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Term Loans

A term loan is simple:  You borrow money and agree to pay it back with interest at a set monthly amount for a set period of time. In general the following principles apply to a term loan:

  • It carries a prime-linked interest rate
  • It is paid back in equal monthly instalment
  • It is commonly paid back over 5 years – but can vary between 12 months and 10 years
As with any loan, the lender will expect you to provide collateral and will also want to see your trading history and future order book to ensure that the business can repay the loan amount. If you are battling to raise the required collateral, read the What to do when you don’t have Collateral module.

Expect your business' credit rating to be checked. Often lenders will also check the personal credit rating of the business owners. If you think your credit rating will not be good, read the modules Understanding the Credit Record System and What if you have a bad Credit Record.

In general, a term loan contract lasts for 60 months and there could be penalties if you want to pay it back in a shorter time period! So, it is important to match the loan period with the period over which the loan will be used. Expansion is often linked to a need to invest in further assets and if, for example, you need to upgrade your computer network then it will be important to specify the duration of the term loan as 3 years. This way the duration of the loan matches the standard duration of the assets (computer equipment is said to have a lifespan of 3 years before it needs to be upgraded).


There are other costs you will need to consider when dealing with a term loan: You will get charged a once-off administration fee – the “origination fee”, as well as a small monthly admin fee (in most cases). 

Benefits of Term Loans


Lenders offer a range of benefits, so make sure you check to see whether your lender offers any of these benefits:

Grace Period
Some lenders allow a business a little grace before starting to pay back a loan - 2 to 3 months generally. The interest on the loan will be added to the principal amount over the grace period, so make sure you check how this will impact on the total amount you have to repay.

Payment Holidays

If you find that you are going through a particularly bad patch, you can arrange for a payment holiday. In this case, the lender could give you 2 to 3 months break from making repayments. It will be easier to negotiate this if you can prove that the cash crunch wasn't due to bad management. It will also cost you money, so be sure to check the overall cost implications.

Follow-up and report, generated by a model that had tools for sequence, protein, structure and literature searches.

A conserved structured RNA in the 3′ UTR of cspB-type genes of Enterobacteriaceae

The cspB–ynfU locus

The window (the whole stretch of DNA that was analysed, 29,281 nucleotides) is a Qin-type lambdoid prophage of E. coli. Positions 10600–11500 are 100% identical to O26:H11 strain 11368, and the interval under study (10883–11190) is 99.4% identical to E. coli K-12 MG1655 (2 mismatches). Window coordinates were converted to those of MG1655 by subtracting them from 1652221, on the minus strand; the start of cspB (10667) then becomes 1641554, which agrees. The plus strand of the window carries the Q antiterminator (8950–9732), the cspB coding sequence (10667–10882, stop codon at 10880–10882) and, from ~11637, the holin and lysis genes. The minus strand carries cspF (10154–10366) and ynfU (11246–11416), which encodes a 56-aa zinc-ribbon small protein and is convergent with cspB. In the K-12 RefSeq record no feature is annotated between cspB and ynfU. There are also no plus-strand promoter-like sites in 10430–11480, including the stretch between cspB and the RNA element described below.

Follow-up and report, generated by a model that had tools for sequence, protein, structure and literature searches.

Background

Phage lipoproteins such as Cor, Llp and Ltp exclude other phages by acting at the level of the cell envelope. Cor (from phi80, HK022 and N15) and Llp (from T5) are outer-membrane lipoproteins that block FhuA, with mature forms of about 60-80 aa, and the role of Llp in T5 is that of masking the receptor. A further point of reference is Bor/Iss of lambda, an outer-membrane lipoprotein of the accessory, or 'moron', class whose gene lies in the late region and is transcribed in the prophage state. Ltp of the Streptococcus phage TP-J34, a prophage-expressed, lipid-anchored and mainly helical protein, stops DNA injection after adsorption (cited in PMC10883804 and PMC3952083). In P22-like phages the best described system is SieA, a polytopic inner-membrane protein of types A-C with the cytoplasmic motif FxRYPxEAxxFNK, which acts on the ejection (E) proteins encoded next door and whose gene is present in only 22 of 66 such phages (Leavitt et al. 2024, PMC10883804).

Flexible Instalments

In the world of agriculture, it's common that farmers repay their loans in 2 instalments during the year. This allows the farmer to cash in on his/her winter and summer harvests, before he/she has to pay back the lender. Even if you're not a farmer, the principle applies. Lenders are often willing to design the instalment period according to the patterns of whatever business you're in. This might mean making instalments twice a year, or even 4 times a year.

Flexible Loan to Equity 

Some lenders offer both equity and loan finance (or a combination of the 2). They may be willing to convert a loan to equity in the event that your business goes through a cash crunch, and is struggling to pay back the loan. Obviously they need to believe that your business will get through the crunch and that their equity investment will be worth money in the long run.

Advance Payments and Revolving Credit

With some term loan products, extra money paid by the business, above and beyond the monthly instalment, can be withdrawn again when the business needs it. However, rules apply and you have to stick to them, such as a minimum amount that can be withdrawn. Alternatively, some lenders will allow you to extend your loan as soon as you've paid off a certain portion of it (usually a quarter of the loan). This saves you from having to fill out another application form, but it doesn't mean that you can simply withdraw money whenever you feel like it. You'll still have to put in a formal application. It's just quicker than the original application process that you had to go through.

Fixed Interest Rates 

If you think that a rise in interest rates will damage your business - ask for a fixed rate. However, bear in mind that you won't benefit if the interest rate drops!

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Finfind provides its services free of charge to businesses seeking finance. Our primary purpose is to link SMEs with all the relevant finance providers and finance products that match their funding needs. As a matching service, we are not required to be a registered finance provider as we do not loan money directly.